Mike Newell will follow up Prince of Persia, not quite a modern classic, with a new take on a genuine classic and perennial enemy of disinterested English classes across America. He’ll direct a new version of Great Expectations as part of a year-long celebration of the 200th anniversary of Charles Dickens‘ birth, in 2012.

THR says the BFI is putting together “the largest ever retrospective of film and television adaptations of Dickens’s work which will go on a global tour in 2012 taking in the Museum of Modern Art in New York and the Cinematheque Francaise in Paris.”

The great film version of Great Expectations is David Lean’s 1946 version (sorry, Alfonso Cuarón) starring Jean Simmons and Alec Guinness. There have been quite a few other film versions, including a modernizations or two (howdy, Alfonso Cuarón) but the story is strong enough to stand up to one more. Given that this is part of a celebration of Dickens I’d expect not so much a modernization as a period tale told with a bit of modern flair — think of the upcoming versions of Jane Eyre and Wuthering Heights that have already been shot for release this year.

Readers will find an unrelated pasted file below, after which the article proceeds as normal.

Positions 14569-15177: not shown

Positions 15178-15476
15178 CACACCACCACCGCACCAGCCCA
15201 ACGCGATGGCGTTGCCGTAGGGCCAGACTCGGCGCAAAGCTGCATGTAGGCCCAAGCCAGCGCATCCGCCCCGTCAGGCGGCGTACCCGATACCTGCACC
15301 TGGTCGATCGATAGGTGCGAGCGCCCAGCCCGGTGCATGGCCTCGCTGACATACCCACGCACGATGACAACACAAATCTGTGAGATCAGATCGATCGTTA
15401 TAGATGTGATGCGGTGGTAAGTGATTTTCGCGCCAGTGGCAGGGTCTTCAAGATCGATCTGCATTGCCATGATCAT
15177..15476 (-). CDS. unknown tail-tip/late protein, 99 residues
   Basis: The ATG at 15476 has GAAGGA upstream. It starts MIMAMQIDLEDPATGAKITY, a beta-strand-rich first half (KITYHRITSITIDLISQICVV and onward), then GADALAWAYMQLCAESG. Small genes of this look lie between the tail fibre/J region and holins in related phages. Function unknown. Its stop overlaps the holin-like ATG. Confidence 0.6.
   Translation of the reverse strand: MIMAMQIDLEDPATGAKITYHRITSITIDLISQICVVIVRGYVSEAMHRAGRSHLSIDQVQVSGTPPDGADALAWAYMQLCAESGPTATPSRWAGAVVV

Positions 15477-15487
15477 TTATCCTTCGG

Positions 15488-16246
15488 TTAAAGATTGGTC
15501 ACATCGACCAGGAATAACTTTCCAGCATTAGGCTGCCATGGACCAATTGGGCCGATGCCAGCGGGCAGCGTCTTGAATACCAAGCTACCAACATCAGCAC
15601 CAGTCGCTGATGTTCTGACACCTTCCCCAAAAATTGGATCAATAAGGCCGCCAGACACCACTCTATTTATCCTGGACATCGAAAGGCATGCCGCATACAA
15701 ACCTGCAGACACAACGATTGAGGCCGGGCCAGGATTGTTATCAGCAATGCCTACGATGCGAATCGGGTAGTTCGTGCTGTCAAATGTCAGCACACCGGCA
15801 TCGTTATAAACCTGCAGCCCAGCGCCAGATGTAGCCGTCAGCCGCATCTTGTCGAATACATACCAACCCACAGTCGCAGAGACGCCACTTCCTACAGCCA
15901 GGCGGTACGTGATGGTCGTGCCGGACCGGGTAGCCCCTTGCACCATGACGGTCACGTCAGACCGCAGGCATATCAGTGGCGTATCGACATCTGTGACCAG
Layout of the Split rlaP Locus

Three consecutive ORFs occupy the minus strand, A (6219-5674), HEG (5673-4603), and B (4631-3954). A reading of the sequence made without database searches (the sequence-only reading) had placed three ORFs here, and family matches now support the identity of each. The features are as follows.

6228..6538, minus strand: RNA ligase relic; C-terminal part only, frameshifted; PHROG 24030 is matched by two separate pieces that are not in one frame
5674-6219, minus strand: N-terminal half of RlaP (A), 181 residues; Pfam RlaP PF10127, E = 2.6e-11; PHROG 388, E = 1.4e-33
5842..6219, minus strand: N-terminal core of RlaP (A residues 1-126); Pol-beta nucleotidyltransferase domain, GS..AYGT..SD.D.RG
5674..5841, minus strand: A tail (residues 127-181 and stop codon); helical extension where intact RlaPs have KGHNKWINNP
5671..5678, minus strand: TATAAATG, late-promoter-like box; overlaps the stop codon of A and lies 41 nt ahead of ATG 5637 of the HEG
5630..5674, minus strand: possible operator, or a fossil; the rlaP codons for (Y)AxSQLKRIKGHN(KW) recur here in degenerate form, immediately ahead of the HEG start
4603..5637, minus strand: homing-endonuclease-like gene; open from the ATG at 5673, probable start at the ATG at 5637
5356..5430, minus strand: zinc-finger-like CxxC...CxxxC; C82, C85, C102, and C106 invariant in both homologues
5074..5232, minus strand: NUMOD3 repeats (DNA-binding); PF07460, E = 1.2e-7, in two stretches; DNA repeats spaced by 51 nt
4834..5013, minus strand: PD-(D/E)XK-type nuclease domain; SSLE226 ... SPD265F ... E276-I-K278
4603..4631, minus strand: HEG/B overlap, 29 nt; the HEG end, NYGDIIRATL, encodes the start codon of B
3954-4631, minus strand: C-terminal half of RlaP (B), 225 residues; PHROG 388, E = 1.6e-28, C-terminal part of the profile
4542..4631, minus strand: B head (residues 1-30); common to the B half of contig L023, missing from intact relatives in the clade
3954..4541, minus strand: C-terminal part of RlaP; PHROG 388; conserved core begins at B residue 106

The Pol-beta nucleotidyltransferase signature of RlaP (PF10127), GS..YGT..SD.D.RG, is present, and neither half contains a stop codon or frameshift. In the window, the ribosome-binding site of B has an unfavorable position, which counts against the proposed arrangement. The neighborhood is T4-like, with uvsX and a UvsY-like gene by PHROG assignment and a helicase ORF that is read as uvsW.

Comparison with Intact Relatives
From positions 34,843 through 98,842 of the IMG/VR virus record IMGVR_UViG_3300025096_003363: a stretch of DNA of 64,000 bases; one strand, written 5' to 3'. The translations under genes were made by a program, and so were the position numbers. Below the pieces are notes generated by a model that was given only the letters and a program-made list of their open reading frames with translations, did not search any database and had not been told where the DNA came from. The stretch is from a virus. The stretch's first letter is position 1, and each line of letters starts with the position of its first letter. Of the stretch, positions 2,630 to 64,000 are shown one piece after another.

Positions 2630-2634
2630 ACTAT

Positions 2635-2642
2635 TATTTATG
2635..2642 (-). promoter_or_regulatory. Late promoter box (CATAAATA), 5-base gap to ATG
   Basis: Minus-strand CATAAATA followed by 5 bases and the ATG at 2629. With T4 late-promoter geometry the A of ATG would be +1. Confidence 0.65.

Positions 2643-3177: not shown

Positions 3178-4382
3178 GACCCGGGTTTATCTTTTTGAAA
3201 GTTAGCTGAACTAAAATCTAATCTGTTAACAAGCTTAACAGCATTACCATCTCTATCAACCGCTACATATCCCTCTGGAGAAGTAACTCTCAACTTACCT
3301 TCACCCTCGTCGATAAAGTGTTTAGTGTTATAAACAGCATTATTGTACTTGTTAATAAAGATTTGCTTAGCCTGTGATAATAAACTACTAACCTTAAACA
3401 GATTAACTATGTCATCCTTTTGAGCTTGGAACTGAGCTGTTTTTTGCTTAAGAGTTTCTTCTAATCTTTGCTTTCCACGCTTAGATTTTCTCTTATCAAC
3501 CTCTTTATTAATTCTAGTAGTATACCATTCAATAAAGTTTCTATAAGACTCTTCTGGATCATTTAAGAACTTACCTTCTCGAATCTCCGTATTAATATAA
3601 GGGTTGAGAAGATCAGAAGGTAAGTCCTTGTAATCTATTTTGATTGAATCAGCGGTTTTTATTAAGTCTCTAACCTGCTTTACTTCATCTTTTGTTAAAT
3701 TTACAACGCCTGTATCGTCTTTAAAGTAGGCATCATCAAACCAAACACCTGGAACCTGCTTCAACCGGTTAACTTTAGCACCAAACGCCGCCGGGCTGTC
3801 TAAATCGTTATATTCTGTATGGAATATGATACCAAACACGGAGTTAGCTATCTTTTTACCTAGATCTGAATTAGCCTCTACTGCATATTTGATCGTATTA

Pip, a poor orphan being raised by a cruel sister, does not have much in the way of great expectations between his terrifying experience in a graveyard with a convict named Magwitch and his humiliating visits with the eccentric Miss Havisham’s beautiful but manipulative niece, Estella, who torments him until he is elevated to wealth by an anonymous benefactor. Full of unforgettable characters, Great Expectations is a tale of intrigue, unattainable love, and all of the happiness money can’t buy. Great Expectations has the most wonderful and most perfectly worked-out plot for a novel in the English language, according to John Irving, and J. Hillis Miller declares, Great Expectations is the most unified and concentrated expression of Dickens’s abiding sense of the world, and Pip might be called the archetypal Dickens hero.

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